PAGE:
He watches the napkin for a little longer, comes to whatever conclusion he was trying to come to, and looks back to Teo, utterly unruffled. He could have spent the last minute or so in another dimension for all the difference the apology makes. There are no ripples, no shockwaves. Another, slower, tap of his thumb, and his lifted brow twitches a little higher before it falls. That's about it. He watches their waitress' ass make its retreat in silence that should be appreciative, but isn't…quite. He's distracted.

"It's fine."

"No it isn't." Teo normally tries to avoid being deliberately obtuse as a matter of courtesy, but that three-word objection gets yanked out through his teeth by a force so much greater than the brain in his head that he thinks it might have almost been external, except that would be ridiculous, a stupid excuse for behaving poorly and not being sure… of… what he's supposed to say. Like a dog that's been kicked away from his kibble bowl a few too many times, he is holding himself squared, braced for a boot-mark that doesn't otherwise seem likely to come.

It therefore takes him a few minutes to realize that there's more going on at the other end of the table than whatever self-enamored Catholic mental pathology Teo has going on by himself. Deckard's distracted. "What — " he falters, less from timidity than restraint. "What's been going on with you? Do you— may I ask if you know what you're going to do now?"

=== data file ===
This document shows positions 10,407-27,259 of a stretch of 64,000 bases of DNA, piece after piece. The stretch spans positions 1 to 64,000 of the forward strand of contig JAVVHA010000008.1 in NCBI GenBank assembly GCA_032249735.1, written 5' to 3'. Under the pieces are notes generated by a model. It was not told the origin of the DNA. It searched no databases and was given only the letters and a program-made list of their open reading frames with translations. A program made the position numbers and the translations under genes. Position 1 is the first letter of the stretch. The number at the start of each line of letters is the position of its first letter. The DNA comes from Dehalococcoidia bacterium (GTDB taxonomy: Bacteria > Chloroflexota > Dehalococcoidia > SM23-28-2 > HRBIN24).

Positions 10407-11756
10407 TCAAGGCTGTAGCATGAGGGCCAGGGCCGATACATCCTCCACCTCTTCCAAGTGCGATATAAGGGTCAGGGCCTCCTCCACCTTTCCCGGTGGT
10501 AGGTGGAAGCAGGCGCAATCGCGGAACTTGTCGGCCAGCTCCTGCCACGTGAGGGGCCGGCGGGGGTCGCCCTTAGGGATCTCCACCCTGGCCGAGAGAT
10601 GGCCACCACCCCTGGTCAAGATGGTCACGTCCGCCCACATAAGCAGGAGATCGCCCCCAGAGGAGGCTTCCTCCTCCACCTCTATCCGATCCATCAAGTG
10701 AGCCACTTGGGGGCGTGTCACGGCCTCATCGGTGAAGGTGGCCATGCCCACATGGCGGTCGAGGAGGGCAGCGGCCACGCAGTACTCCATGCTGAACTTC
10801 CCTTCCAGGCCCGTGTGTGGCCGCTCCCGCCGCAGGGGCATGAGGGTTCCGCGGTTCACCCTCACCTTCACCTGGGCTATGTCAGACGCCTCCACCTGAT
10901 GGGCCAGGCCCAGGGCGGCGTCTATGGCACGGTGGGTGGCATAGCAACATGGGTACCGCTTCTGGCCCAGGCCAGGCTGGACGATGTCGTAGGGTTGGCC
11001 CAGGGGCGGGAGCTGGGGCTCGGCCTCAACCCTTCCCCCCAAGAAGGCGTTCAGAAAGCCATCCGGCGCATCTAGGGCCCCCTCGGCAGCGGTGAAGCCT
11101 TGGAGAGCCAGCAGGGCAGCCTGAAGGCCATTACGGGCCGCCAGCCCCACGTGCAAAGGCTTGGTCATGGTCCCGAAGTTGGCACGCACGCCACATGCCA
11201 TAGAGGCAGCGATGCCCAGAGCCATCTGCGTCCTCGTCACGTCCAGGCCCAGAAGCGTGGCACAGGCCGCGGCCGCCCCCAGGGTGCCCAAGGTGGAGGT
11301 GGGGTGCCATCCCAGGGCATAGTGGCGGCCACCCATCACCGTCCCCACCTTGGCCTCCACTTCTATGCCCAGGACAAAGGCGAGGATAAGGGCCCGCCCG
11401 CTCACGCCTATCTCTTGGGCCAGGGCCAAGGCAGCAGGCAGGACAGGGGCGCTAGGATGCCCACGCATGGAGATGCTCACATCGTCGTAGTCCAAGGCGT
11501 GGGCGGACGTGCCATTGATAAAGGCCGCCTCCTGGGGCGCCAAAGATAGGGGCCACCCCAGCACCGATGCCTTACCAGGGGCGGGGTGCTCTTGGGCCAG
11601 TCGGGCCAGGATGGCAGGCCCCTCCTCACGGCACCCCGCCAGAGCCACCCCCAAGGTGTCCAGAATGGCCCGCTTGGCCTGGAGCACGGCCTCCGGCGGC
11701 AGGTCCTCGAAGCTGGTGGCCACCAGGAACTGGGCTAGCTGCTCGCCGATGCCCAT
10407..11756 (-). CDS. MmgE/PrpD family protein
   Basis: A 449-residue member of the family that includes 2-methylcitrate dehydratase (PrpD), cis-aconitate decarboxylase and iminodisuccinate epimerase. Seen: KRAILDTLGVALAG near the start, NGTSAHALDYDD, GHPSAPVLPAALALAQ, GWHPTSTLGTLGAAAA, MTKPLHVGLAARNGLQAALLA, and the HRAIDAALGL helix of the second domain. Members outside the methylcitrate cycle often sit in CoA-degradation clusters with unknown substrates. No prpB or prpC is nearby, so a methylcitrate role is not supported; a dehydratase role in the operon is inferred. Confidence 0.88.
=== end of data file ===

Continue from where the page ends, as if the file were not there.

"Well," Deckard allows after an open-mouthed beat, tapping fingers pausing long enough to grasp slack around his glass, "no. At least, not for Abigail. They're going to kill her." Eventually. When they wear the usefulness out of her.

Tone and expression more appropriate for a discussion about a failed business opportunity than a concession of Abby's impending doom, the older man lifts his glass to seep out a longer draw through the ice. He's looking back at Teo again, eye patch not all that disturbing in itself. It's just a piece of black leather, soft and flat. His remaining eye is lucid, clear. Reasonable. Maybe unsettlingly so.

"Someone operating out of Staten offered me a job. I dunno if I'm going to take it." He hasn't thought too much about it. So says his expression, anyway, scruffy jaw crunching down over a sliver of ice before he sets his glass down again.